“The response to keeping a single, statewide opening day was very positive, which led the Board of Commissioners to consider a proposed rulemaking in July that would designate the first Saturday in April as the new opening day of trout season. 

“We believe this change can provide greater consistency, not just for anglers and staff, but also the businesses and organizations that rely on the revenue generated in anticipation of opening day.”

“Another area where we are seeing a surge in popularity is unpowered boating using kayaks, canoes, and even paddleboards. To help municipalities and other landowners meet this demand, the Commission is announcing this week a call for proposals for the Boating Facilities Grant (BFG) program.”

“The Pennsylvania Fish and Boat Commission (Commission) is a state natural resource agency with a mission to “protect, conserve, and enhance the Commonwealth’s aquatic resources and provide fishing and boating opportunities.”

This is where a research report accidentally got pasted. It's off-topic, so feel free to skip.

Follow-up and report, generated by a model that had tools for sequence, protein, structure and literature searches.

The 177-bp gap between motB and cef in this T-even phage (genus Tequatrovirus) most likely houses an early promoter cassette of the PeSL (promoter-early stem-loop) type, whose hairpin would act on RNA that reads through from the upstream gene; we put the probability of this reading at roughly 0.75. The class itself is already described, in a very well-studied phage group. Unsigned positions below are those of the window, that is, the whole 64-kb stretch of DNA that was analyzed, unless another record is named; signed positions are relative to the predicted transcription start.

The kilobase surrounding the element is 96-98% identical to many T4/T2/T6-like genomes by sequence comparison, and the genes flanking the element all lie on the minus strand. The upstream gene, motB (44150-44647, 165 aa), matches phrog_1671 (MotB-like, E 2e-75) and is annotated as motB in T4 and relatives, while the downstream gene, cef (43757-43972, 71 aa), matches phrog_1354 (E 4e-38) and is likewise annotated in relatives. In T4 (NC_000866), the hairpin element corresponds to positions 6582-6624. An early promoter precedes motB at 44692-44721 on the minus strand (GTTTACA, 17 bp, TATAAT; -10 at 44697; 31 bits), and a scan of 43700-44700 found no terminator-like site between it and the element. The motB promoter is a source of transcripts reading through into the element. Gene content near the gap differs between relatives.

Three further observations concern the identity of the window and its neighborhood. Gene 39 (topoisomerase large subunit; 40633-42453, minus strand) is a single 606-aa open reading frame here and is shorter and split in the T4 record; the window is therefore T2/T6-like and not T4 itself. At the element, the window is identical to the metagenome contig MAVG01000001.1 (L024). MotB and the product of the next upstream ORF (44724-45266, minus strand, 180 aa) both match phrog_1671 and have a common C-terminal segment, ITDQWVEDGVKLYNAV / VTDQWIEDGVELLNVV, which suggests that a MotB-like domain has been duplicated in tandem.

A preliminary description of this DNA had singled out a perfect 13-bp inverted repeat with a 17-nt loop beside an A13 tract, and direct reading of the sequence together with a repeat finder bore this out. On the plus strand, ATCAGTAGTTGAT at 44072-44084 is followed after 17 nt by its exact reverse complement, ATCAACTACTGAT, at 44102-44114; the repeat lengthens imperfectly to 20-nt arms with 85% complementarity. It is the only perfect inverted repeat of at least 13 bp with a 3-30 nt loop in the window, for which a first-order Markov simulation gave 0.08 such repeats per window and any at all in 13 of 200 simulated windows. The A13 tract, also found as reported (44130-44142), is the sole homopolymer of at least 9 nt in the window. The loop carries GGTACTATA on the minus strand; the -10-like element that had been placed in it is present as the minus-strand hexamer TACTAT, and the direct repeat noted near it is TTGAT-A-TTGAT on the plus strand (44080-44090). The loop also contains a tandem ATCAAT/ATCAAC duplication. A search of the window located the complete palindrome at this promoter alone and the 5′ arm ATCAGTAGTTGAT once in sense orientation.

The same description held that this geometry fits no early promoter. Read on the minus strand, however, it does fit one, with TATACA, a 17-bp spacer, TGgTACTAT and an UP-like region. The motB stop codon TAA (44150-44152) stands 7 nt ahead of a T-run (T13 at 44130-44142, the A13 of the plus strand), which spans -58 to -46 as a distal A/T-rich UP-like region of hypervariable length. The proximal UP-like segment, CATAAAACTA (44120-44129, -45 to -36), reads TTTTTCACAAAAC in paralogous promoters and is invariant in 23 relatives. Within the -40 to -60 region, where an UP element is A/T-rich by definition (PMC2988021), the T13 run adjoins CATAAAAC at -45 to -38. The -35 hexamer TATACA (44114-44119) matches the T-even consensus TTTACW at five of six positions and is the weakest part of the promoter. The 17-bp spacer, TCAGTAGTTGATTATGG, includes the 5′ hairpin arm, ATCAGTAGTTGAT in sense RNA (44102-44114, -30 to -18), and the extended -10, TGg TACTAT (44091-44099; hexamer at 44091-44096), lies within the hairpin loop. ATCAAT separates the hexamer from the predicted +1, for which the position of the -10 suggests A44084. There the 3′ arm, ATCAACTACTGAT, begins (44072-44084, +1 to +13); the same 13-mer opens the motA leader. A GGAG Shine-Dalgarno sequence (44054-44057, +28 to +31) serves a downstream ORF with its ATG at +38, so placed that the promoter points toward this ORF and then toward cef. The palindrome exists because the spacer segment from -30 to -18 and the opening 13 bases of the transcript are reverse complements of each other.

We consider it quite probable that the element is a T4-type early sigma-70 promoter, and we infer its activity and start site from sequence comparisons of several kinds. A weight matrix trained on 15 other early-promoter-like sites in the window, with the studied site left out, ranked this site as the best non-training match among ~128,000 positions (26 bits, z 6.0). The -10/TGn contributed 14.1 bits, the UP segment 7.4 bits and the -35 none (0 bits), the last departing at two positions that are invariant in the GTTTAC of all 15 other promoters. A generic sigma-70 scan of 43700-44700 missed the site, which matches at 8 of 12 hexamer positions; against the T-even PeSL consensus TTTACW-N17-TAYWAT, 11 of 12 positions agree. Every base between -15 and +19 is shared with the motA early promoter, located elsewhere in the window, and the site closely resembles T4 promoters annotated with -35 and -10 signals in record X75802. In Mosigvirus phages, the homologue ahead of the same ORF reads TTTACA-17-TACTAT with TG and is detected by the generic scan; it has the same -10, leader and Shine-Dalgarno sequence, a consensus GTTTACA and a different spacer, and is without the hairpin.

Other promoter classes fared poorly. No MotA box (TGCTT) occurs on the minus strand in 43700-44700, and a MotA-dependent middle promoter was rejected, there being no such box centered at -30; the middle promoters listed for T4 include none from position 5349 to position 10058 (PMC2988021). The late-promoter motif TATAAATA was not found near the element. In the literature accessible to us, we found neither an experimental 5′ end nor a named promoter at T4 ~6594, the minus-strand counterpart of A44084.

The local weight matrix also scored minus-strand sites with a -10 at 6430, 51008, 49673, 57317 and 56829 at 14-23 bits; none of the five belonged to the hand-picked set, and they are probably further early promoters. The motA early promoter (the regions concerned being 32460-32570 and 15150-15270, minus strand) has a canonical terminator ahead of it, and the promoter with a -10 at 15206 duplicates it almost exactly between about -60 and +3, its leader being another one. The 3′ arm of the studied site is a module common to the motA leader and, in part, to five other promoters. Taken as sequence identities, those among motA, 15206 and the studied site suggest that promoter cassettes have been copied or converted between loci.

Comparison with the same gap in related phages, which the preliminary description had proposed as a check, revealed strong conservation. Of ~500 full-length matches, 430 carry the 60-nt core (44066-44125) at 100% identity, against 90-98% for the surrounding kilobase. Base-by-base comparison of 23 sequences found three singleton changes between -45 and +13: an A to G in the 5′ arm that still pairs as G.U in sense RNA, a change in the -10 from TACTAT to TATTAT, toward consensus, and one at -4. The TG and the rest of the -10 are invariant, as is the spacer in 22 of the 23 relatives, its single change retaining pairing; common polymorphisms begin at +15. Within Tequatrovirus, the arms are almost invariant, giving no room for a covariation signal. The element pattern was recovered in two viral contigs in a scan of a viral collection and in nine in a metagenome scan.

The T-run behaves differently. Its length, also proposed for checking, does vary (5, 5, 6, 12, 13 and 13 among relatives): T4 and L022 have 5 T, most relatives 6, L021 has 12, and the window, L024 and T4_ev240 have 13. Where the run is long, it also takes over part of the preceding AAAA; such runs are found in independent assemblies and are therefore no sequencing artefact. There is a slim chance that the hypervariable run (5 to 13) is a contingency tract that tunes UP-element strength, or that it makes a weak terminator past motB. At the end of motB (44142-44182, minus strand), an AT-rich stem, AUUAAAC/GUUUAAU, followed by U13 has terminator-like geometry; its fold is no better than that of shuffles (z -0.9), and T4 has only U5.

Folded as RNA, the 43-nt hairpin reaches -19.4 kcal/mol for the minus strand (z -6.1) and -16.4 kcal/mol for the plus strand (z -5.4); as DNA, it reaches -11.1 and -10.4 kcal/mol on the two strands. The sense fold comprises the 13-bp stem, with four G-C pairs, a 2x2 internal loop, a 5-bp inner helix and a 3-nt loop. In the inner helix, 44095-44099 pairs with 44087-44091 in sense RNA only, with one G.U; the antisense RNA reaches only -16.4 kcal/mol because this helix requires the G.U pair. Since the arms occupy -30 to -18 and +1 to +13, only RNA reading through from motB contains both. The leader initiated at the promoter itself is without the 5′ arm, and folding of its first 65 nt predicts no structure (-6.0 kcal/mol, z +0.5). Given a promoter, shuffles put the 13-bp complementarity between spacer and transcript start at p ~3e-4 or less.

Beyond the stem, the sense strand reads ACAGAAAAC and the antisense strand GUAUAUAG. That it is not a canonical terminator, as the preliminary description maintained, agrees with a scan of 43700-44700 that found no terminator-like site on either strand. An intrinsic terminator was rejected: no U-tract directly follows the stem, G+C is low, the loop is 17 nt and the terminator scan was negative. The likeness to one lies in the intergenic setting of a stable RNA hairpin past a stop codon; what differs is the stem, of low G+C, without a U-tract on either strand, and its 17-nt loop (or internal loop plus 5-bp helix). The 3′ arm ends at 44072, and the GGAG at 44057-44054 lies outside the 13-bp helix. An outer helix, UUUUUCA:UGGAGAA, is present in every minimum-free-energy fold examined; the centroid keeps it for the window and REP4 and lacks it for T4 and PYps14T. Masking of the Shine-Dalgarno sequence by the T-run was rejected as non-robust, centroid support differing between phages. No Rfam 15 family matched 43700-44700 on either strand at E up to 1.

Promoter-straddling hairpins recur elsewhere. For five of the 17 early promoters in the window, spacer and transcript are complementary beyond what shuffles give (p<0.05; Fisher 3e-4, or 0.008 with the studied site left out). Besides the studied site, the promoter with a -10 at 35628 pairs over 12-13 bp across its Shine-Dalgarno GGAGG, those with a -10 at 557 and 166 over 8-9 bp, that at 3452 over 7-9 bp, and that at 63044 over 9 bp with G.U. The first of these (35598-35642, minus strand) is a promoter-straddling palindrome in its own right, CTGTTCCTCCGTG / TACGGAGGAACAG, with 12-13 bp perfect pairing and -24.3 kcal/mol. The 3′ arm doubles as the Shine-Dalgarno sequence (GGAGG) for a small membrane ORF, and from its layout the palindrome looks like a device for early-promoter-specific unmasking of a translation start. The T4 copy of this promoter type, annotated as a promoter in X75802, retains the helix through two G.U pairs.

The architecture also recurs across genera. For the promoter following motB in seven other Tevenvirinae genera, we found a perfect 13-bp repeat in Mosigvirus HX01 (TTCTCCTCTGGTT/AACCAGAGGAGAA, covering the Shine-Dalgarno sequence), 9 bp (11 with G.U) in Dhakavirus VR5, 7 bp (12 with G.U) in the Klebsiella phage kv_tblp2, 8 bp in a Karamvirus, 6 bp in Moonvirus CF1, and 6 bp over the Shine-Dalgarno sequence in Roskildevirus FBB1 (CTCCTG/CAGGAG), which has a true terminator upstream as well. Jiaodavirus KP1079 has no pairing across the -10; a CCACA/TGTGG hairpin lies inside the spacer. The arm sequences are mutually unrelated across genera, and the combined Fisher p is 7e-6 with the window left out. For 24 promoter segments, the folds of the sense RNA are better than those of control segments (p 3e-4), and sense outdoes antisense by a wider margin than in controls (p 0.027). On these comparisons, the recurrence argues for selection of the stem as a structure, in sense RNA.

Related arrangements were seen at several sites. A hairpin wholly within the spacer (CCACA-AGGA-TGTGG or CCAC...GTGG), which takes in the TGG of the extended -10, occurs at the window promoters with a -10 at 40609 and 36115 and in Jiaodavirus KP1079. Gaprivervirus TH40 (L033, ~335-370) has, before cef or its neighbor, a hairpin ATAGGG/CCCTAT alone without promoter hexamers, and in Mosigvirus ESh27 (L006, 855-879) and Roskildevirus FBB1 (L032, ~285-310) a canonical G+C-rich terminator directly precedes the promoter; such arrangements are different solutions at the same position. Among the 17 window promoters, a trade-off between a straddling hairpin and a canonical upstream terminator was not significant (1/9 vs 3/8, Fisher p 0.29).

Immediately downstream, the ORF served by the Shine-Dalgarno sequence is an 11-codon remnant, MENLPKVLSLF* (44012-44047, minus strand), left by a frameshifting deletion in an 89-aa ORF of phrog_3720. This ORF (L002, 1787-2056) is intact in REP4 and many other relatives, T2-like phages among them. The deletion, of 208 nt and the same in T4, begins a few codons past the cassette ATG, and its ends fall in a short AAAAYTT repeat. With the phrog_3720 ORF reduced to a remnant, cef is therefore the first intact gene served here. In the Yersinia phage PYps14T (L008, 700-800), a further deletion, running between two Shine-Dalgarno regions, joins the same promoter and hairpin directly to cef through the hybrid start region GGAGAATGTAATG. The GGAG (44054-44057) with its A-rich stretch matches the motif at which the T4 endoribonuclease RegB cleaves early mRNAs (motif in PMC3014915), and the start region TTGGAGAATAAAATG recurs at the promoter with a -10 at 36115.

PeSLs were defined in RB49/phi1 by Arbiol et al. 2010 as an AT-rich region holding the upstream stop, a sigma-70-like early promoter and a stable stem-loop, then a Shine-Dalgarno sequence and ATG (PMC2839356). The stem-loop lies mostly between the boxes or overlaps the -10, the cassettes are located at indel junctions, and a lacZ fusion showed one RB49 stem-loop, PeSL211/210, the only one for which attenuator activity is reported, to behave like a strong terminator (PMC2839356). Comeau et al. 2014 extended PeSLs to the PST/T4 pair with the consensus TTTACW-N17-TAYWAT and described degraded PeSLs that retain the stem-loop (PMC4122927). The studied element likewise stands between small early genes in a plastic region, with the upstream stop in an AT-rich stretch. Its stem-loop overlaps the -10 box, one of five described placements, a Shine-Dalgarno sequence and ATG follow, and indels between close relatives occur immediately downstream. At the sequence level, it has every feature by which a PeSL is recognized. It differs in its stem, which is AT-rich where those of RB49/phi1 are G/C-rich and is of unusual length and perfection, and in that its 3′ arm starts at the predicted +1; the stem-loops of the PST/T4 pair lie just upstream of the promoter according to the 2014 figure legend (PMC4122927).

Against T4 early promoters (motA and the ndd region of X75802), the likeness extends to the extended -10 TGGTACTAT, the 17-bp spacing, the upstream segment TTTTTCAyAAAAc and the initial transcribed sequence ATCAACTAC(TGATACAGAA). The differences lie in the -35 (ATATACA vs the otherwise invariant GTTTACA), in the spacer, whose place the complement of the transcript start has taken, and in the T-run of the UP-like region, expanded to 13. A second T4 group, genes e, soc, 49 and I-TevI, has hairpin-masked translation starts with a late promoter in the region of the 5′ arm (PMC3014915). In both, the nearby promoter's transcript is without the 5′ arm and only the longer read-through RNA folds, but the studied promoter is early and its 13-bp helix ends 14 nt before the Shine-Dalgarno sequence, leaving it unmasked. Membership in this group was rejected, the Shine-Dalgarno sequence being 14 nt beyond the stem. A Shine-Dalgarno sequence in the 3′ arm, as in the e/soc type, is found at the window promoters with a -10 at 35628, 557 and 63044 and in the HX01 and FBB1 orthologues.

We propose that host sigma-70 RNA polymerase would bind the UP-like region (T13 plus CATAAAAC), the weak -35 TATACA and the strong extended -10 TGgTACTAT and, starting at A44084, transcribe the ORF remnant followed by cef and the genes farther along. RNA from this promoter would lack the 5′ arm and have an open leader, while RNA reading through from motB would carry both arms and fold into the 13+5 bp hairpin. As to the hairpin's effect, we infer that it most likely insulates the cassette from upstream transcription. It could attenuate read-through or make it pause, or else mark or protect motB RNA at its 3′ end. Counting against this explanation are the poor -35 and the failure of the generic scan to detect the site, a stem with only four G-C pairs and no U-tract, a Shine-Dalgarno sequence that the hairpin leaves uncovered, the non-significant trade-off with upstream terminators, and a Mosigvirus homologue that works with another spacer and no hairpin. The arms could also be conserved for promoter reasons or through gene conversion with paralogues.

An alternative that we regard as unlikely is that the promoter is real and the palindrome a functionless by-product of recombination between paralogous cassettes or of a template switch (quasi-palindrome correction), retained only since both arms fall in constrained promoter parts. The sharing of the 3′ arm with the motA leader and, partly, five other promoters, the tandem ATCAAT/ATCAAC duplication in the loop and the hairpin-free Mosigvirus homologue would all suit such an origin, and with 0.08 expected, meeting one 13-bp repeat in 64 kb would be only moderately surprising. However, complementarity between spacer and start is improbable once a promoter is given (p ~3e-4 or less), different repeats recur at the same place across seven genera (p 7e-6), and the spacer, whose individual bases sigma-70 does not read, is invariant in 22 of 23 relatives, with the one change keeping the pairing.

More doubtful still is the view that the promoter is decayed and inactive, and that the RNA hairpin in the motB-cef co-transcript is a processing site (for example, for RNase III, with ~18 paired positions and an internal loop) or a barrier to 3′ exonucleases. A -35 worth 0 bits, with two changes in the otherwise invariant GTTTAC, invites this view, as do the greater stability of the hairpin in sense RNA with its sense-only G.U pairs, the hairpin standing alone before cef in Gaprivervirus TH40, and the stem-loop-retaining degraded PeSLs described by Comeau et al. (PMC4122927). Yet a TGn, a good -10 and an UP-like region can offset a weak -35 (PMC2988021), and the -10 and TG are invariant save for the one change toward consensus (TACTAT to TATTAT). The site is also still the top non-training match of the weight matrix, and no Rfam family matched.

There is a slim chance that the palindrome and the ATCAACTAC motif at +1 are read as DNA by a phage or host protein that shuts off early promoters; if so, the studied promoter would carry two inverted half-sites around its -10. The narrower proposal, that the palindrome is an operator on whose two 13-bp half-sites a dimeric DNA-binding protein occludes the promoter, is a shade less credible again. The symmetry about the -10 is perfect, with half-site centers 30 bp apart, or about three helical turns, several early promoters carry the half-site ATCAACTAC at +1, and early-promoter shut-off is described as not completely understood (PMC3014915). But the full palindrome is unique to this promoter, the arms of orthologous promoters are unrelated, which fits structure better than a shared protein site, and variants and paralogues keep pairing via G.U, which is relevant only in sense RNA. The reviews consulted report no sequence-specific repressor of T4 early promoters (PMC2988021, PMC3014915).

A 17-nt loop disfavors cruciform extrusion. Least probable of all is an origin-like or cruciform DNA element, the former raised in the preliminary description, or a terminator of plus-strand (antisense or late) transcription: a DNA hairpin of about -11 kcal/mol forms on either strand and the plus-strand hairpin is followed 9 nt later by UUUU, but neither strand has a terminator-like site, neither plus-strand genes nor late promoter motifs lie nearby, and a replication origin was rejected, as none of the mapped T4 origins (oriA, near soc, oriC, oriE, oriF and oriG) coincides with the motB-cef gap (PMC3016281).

“While the COVID-19 pandemic presented many challenges to the Commission and our operations, our staff and customers have risen to the occasion and found innovative ways to introduce new anglers and boaters into our community, despite the unpredictable nature of the pandemic.”

Click Here for a copy of his written testimony.

Bryan Burhans, Executive Director of the Game Commission, said, “Since March of 2020, if you happened to drive by any of the more than 300 game lands the Commission owns and maintains across 65 counties, chances are you noticed that parking spaces were at a premium, as our game lands experienced increased use not only from the hunters and trappers whose license dollars support the acquisition and maintenance of those properties, but by outdoor recreationalists of all kinds, including hikers, bird watchers, trail runners, and those just looking for some peace and solitude.”